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Loving My Best Friend's Dad

By:Lila Younger

Emilia


“Hey, I’ve got a serious question for you Em,” my best friend and roommate Renee says.

“Hm?”

I’m trying to figure out just what Kant is talking about for my philosophy and ethics paper, so I’m not really paying attention. Have you ever read Kant? The guy is hard to understand. And repetitive. And it’s like trying to run through mud getting through this material.

“Have you ever, just... lived?”

The question slowly makes its way through my brain and I look up. This has to be a joke right? I’m trying to get through this stuff. But nope, her sparkling blue eyes are deadly serious. She’s sitting on her single bed, legs crossed, movie paused, just waiting for an answer. I frown. Is there some kind of trick to this question?

“What do you mean?” I ask at last.

Renee leans forward, her pretty face earnest.

“It’s not that complicated of a question Em,” she says. “I’m asking you if you’ve ever lived a little? Let loose?”

Oh. Now I get it.

“Of course I’ve lived a little,” I tell her annoyed that she’s interrupting me for this. Now I’ll have to re-read the whole passage again. Whatever I thought I understood of Kant is gone, not that there was much. Like I said, the guy is difficult. But Renee isn’t giving up.

“When?”

I sigh and throw down my pencil. Clearly I’m not going to get anywhere with this until I’ve satisfied Renee’s curiosity. Why she has to pick a time like this is beyond me. I’m generally good at organizing my time so I don’t have anything due at the last minute, but even I have my academic limits. And I guess it ends with Kant and his convoluted German translated works. I picked pre-med because I’m good with the facts, with logic and reasoning and that sort of thing. But ethics is a required course (which I suppose is important if I’m going to be a doctor), and even though philosophy claims to be logical, it sure isn’t sometimes.

“Tell me about a time when instead of following your planner, instead of planning out every possibility and controlling all the outcomes, you just, just,” Renee dramatically throws out her arms here, “let the Universe take charge?”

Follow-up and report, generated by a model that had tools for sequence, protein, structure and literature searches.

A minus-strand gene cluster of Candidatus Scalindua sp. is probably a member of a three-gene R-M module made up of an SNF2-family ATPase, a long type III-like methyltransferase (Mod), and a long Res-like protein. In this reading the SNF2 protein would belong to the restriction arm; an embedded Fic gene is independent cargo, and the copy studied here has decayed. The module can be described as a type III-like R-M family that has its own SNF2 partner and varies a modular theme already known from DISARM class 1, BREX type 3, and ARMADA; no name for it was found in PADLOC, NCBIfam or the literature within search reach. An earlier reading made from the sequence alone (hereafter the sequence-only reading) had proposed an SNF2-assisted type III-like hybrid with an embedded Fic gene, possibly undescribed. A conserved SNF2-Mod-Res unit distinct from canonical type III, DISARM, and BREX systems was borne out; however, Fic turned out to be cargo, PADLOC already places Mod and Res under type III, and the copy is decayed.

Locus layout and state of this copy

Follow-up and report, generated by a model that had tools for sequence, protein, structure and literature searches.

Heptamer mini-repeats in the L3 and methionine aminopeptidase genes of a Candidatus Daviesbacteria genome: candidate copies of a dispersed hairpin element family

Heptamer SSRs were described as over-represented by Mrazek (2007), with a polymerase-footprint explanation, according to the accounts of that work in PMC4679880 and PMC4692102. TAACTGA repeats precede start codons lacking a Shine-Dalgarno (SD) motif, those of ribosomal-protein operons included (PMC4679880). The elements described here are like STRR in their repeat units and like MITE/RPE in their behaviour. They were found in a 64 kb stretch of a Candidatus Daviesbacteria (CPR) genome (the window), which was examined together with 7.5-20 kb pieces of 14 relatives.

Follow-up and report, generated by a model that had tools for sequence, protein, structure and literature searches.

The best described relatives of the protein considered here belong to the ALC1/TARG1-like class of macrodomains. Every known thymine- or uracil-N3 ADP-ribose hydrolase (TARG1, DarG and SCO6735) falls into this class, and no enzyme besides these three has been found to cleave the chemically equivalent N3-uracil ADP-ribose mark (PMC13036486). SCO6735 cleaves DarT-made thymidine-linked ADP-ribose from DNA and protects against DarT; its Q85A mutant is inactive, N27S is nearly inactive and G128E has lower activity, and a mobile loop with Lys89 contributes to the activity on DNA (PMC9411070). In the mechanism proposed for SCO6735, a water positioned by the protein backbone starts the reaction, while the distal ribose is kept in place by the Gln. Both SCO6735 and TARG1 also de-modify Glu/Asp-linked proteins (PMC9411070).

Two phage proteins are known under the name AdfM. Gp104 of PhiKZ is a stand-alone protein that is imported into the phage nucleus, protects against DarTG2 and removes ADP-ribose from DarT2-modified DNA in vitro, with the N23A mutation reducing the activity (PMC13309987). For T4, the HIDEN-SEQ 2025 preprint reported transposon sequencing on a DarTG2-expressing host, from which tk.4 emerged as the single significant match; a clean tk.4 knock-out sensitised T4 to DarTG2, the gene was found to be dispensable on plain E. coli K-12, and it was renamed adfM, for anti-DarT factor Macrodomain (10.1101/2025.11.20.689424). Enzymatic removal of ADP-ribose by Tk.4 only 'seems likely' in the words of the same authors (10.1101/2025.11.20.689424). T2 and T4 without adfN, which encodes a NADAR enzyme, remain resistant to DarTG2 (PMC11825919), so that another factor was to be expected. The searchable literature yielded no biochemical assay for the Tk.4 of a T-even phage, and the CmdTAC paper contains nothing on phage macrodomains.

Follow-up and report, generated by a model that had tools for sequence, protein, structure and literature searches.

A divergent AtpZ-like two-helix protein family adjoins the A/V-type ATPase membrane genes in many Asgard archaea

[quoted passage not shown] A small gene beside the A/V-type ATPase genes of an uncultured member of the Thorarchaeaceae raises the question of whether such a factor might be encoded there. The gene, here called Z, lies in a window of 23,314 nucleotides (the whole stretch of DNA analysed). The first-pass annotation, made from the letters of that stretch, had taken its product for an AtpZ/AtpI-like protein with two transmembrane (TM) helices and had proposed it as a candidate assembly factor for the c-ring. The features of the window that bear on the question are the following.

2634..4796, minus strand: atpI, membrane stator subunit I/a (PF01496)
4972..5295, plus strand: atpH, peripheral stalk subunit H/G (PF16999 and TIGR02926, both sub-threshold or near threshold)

Okay, so I like to know what’s going on. I like to have lists and check them off. But I don’t think it’s as bad as she’s making it out to be. After all, it’s helped me land a full ride scholarship and it’s what’s getting me through my pre-med classes. I suppose to Renee though, it must seem like torture. She’s the definition of a free spirit, and in her third year, she still hasn’t chosen exactly what major she wants to be. Not that she needs to worry about that. She comes from a wealthy family, so she can take as long as she wants. In fact, the only reason she’s in university at all is because her grandfather made that a condition of her getting her trust fund. Luckily her grandmother never specified which university, because Renee’s grades are seriously bad.

“It’s happened,” I tell her, stalling for time while I think. I mean, it shouldn’t be that hard right? I run my hands through my honey streaked hair. “Remember when we decided to go to Subway and it was closed randomly so we went to Dairy Queen?”

Renee gives me a deadpan stare. I don’t blame her. It’s not exactly letting the universe decide, but still! I didn’t go into a tailspin when plans changed like she’s implying.

“Okay, so I don’t like to let a coin flip decide any life changing decisions,” I tell her. “That doesn’t make me a bad person.”

“No, but it does make you a teensy bit boring, and I mean that in the most loving way,” she says. “I mean, you haven’t even dated since you got to college.”

Ah. Here it is. The real truth behind it all. When I told Renee that I’ve never dated and don’t intend to until I finish med school, she about keeled over in shock. Not that she’s always got a man on her arm, but she just couldn’t believe that someone like me wouldn’t have someone at some point in her life. But I hadn’t. Mostly because I was really focused on academics and got labeled as a nerd in high school, and then I just sort of, got stuck in that frame of mind I guess. I don’t think I’m missing out on much though. From what Renee tells me, college guys are just as awkward and fumbling as high school ones.

“I haven’t found the right person to date,” I tell her. “You of all people should know how terrible the selection is here.”

Renee wrinkles her nose.

“Yeah, I guess that’s true,” she says, slumping a little. Then she straightens up. “But that’s not why I was asking!”

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